And it makes sense.  

In the beginnings of our hostile takeover of these lands, Rivers provided the major sources of water and food. They provided the major travel and trading routes of the time.  Those advantages persist, although they may have shifted in form.   

Many of the people whom I’ve met in these towns have lost that historical connection. They no longer see the River or feel its Presence.  They are detached from how these waterways formed the basis of their communities.* 

And more importantly, how the Rivers shaped the land. 

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Continue reading Returning to the Spirits: Ongtupqa – The Omega

“Match your Nature with Nature”

I love this quote. Of course, I love talking about “Heartbeats” and about “Nature.” Our Heartbeats might be our internal representation of our Universal Clock. They keep us in tune with the Magic of Life.

They should never be wasted.

“There comes a time when the world gets quiet and the only thing left is your own heart. So you’d better learn the sound of it. Otherwise you’ll never understand what it’s saying.” ― Sarah Dessen

An amazing insight from Ms. Dessen. Ponder that one for a bit and comment if it resonates with you.

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Well, with yesterday’s post, I hit the 300 mark. That’s really not a true milestone because I’ve already passed it by over a hundred posts that I’ve already taken down, but I kind of like the sound of it. It’s a nice even number, and the odd number 3, the sum of those digits, represents creativity, birth and the mystical. And WP certainly provides us all a great forum to express that magical creativity. Creating images with words. Pouring feelings on to the pages.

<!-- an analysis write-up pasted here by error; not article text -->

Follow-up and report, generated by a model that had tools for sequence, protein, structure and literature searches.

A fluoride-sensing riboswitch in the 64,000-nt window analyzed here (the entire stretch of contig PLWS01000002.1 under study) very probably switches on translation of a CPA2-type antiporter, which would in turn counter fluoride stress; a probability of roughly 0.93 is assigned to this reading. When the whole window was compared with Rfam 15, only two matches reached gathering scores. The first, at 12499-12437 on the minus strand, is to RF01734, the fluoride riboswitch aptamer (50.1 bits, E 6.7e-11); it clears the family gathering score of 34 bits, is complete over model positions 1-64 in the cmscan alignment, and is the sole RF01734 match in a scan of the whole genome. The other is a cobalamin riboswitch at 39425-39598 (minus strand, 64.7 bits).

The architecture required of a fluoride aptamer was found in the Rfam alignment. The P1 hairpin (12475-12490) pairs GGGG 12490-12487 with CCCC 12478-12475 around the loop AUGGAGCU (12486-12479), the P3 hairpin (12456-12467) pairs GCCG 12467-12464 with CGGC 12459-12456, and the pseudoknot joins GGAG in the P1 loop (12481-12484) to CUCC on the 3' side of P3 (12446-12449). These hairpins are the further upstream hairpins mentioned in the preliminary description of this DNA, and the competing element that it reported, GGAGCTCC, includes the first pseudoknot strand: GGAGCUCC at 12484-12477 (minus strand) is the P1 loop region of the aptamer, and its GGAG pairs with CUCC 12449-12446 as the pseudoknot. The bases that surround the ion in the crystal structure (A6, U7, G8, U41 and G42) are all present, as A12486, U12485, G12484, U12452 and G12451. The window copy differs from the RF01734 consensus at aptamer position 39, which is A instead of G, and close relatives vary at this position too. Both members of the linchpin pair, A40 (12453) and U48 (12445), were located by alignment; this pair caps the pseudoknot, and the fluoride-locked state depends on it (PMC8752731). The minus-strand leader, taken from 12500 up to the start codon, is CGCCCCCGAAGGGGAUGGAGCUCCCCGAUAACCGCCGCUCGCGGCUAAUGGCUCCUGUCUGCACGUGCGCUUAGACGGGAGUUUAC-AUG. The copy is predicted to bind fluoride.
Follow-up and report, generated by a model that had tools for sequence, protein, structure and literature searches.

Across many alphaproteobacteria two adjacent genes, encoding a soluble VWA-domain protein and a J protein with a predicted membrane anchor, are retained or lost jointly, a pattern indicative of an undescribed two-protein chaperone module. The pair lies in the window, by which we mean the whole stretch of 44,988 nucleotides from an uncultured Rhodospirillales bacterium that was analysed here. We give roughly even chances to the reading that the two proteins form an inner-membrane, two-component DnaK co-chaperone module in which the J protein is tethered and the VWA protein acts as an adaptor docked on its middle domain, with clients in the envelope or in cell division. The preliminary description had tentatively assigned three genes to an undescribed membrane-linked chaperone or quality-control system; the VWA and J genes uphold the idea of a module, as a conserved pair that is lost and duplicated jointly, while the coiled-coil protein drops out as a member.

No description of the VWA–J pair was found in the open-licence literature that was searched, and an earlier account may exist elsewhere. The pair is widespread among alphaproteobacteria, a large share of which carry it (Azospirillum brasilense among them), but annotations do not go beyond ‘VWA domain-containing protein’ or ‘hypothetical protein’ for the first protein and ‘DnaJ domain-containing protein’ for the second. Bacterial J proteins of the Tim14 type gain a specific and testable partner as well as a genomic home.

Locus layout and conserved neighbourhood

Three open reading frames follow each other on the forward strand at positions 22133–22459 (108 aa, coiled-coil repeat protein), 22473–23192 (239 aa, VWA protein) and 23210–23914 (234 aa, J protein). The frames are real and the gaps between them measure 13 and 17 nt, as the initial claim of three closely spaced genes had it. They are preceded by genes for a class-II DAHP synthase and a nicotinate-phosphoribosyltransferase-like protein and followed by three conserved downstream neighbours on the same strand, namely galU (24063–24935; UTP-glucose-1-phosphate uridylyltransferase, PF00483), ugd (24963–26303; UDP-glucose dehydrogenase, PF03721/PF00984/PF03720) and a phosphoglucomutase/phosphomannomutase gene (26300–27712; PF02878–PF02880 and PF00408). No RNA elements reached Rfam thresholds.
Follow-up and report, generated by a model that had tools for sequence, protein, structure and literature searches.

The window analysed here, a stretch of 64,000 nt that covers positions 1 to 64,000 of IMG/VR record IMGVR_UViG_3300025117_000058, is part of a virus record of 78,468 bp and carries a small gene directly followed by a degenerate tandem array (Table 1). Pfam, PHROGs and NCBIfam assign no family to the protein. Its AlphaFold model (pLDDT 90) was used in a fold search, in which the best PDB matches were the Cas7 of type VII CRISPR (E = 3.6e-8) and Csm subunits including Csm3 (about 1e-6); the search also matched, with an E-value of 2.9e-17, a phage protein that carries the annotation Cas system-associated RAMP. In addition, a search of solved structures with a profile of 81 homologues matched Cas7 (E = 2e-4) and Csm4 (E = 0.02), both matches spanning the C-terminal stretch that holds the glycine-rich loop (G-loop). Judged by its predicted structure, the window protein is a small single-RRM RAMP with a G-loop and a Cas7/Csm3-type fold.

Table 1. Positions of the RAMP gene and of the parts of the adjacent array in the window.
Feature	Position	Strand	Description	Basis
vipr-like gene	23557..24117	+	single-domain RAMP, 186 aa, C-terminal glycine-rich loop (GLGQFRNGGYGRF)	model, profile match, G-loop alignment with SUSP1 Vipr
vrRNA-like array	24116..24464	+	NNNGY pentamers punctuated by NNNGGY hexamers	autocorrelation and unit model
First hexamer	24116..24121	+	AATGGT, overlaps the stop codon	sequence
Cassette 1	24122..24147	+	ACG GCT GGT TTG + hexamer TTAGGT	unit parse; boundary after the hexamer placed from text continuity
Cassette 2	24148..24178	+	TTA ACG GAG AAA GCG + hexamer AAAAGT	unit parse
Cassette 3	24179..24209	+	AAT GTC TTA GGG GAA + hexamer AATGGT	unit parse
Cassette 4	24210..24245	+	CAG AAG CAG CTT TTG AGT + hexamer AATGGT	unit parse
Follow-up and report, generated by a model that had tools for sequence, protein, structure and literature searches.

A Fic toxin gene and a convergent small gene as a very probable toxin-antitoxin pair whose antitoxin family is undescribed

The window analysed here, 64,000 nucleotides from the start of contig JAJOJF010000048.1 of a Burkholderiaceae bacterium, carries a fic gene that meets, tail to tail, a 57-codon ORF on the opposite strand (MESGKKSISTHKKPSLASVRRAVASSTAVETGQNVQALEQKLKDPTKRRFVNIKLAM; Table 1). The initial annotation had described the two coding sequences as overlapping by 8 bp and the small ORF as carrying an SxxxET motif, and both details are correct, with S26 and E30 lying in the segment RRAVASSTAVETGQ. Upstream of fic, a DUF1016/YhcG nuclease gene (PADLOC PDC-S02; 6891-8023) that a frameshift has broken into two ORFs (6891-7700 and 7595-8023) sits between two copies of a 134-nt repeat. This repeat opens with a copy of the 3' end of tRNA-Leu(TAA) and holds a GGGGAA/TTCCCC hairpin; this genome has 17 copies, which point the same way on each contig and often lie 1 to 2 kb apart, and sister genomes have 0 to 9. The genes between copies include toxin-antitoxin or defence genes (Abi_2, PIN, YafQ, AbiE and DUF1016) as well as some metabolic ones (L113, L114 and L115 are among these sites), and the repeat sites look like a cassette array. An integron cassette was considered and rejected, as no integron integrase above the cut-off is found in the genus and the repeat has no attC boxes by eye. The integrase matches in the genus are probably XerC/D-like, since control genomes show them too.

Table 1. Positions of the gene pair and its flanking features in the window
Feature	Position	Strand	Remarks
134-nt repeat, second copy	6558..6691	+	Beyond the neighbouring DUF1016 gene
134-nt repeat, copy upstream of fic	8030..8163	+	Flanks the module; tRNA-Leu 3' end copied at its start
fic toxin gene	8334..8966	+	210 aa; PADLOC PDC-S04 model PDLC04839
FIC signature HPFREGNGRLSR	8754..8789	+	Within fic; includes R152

Synchronizing Heartbeats.

Now I mention this because I’d like to take a moment to thank the blogging community here on WP. I’ve been absent for most of this past summer, yet you guys still stuck around, came back to read my latest posts.

And I’m grateful for that.

When you read one of my posts, you are spending your time, your Heartbeats, your most valuable possession, to share thoughts with me.

That is a tremendous gift!

At the moment, I am working on the next chapter of Ongtupqa, and I hope to post it soon. In the mean time, I’ve gone back and updated a couple of my posts by adding video clips.

I added one about the Chiricahua Mountains to the post “The Miracle Half Mile.” And I added one to Returning to the Spirits: Ongtupqa – The Mu*, showing a little more about our River rafting experience.

If you have a few Heartbeats to spare scroll down to the bottom of those posts and you’ll find the links. I think you’ll enjoy the beauty in those clips.

You can match your Nature with Nature.

In Metta

Returning to the Spirits: Ongtupqa – Sigma

A river seems a magic thing. A magic, moving, living part of the very Earth itself.

Laura Gilpin

Not all our time was spent on the River.  We spent time exploring the many creations the River had made; amazing hikes into the side canyons at various stops along the way.  Slot canyons, hidden waterfalls, miniature green oases sprouting from red granite, and magical turquoise and morenci blue tributaries . . .

Continue reading Returning to the Spirits: Ongtupqa – Sigma

Returning to the Spirits: Ongtupqa – The Mu*

The boats fully loaded and with us all onboard, our departure eased out slowly from Lee’s Ferry.   We gracefully slid under the Navaho Bridges (Between Mile Markers 4 and 5), watching the California Condors perch on the bridges’ substructures.